2. Link to a confirm form, which uses a POST request to actually execute the change in the system. You see this all through Drupal core, for example when deleting a node. The Drupal API has functions to make simple confirmation pages.

CSRF is also possible in POST requests, but you are protected by the automatic CSRF protection in the Drupal Form API. Make sure that all forms on your site are generated and processed correctly. There’s an old docs page here as a starting point.

####Access bypass

All custom code must use the proper mechanisms to ensure controlled access to resources. The Drupal API provides various mechanisms to do this, including:

A big mistake I have seen a couple of times in custom code is to accidentally assign to the global user object. In one particular case a faulty if statement in a template file was giving every user who accessed a specific node admin access. This is possible the most dangerous typo I have ever seen in over 20 years of programming!

global $user;
if ($user->uid = 1) { echo 'hello admin'; }

That’s not the actual code, but a similar example. Obviously the programmer had meant to write if ($user->uid == 1), which is a check for equality. There were many other errors in the code which made this situation much worse. My recommendations were:

###Passwords

You may have several different levels of user account (different roles) all with different levels of authorisation. Enforcing strong passwords across all accounts is essential. A compromised user account with hardly any permissions combined with a privilege escalation vulnerability could combine to lead to full pwning of your site and server.

There are modules available to help secure user accounts and sessions to prevent unauthorised access, implement a password policy and restrict failed login attempts:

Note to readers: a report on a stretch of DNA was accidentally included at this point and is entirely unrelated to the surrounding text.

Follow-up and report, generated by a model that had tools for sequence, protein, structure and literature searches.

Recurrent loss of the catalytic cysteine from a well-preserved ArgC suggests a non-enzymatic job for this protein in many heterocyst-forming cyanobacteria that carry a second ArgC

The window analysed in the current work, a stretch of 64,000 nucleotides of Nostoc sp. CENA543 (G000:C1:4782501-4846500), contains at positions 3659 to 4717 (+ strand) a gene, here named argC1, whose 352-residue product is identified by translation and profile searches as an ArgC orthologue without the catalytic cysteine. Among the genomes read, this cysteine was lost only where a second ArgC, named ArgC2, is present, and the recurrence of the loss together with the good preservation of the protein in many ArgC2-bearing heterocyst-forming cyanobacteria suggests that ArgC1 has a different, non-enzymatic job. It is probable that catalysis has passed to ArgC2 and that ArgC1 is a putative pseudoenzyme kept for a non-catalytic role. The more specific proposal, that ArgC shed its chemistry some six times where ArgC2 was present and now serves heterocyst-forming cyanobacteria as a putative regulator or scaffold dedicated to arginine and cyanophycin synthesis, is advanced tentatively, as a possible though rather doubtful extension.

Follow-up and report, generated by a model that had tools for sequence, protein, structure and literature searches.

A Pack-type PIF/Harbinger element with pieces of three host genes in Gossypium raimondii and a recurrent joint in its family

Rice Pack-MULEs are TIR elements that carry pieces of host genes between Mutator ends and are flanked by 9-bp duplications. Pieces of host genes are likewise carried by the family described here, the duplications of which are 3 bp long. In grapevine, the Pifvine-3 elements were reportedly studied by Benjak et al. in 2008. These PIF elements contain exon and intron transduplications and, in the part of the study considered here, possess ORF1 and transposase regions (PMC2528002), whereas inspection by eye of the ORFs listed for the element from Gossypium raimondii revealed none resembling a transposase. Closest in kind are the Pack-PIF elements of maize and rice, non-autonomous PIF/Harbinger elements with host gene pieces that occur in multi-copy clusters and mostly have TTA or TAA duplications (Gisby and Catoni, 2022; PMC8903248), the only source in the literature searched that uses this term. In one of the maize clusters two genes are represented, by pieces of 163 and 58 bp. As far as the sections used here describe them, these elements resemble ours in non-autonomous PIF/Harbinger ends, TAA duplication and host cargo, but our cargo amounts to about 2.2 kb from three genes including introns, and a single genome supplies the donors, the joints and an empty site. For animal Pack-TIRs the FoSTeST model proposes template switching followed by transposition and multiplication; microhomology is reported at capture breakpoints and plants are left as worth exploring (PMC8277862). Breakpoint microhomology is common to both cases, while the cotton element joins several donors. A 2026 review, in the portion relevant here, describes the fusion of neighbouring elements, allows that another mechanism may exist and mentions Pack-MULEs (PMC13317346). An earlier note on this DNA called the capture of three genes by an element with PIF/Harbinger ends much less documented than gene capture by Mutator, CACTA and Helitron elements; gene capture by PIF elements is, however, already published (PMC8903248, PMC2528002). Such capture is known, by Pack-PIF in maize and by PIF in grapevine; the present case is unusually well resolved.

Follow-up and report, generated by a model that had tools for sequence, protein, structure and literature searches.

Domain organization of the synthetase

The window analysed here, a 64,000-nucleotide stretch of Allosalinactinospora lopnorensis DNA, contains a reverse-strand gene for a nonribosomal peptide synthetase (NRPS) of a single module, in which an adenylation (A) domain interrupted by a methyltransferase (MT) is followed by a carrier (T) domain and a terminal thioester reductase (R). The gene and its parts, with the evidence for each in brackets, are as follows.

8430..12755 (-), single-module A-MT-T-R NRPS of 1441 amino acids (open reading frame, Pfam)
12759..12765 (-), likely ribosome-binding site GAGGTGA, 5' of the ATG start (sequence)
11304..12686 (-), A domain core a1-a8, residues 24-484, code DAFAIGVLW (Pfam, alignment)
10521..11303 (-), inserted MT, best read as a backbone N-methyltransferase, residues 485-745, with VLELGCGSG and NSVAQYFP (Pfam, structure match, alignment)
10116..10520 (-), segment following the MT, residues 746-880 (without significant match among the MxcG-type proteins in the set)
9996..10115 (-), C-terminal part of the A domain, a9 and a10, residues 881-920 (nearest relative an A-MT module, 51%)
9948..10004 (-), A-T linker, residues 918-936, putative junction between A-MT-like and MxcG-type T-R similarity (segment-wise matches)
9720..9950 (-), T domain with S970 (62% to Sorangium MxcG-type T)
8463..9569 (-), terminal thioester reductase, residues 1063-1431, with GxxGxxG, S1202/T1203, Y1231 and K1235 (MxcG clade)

Update (6th March ‘14): Mike Gifford has suggested that perhaps the Session Limit module might be a better option instead of Single Login. I have to agree it does look like a better option, thanks Mike!

Improving UX can also help in security. Password requirements, failed logins, failed registration attempts, etc all contribute to bad user experiences. There are a few Drupal modules to help with this:

###SSL

If you are not logging in to your site via HTTPS they you are handing out your password to anyone on the same network as you. If any of your users access the site via a public wifi this should be a concern. It’s easy to pick up unencrypted network traffic with applications like Wireshark or a WiFi Pineapple.

Probably the biggest issue I am seeing today is the lack of SSL in the Drupal community. I don’t understand why every site is not using either securelogin, securepages or some other method to ensure that all logins and passwords are sent encrypted.

Ensure you have the server correctly configured to deliver over HTTPS before enabling secure pages. Also be aware that serving over HTTPS is more resource intensive than HTTP.

###Server issues

Securing your servers is a whole other story, and could take up several blogs worth of information. Here’s the basics:

###Information disclosure

This is a common issue that is picked up by penetration testers employed to do testing on Drupal websites. There are many ways that a Drupal website discloses more information that it needs to. Including:

Perhaps the most revealing information disclosure issue is with sites that leave the CHANGELOG.txt file visible to the public. This file reveals the exact version of Drupal that you are using, and from there it’s easy to work out what vulnerabilities your site could be open to.

My recommendation is to rewrite the location of CHANGELOG.txt and other unnecessary files to a 404 error in the server config. This is better than removing the files, as they could be accidentally restored during future upgrades. The Apache config rules to do this are quoted in this file.

###And finally…

Turn off access for user 1. The super admin user who can do anything is never required on a production site. Turn it off by setting status=0 in the database.

That is just a whirlwind tour of Drupal security, but it should be enough to help you do a first-pass for obvious security issues.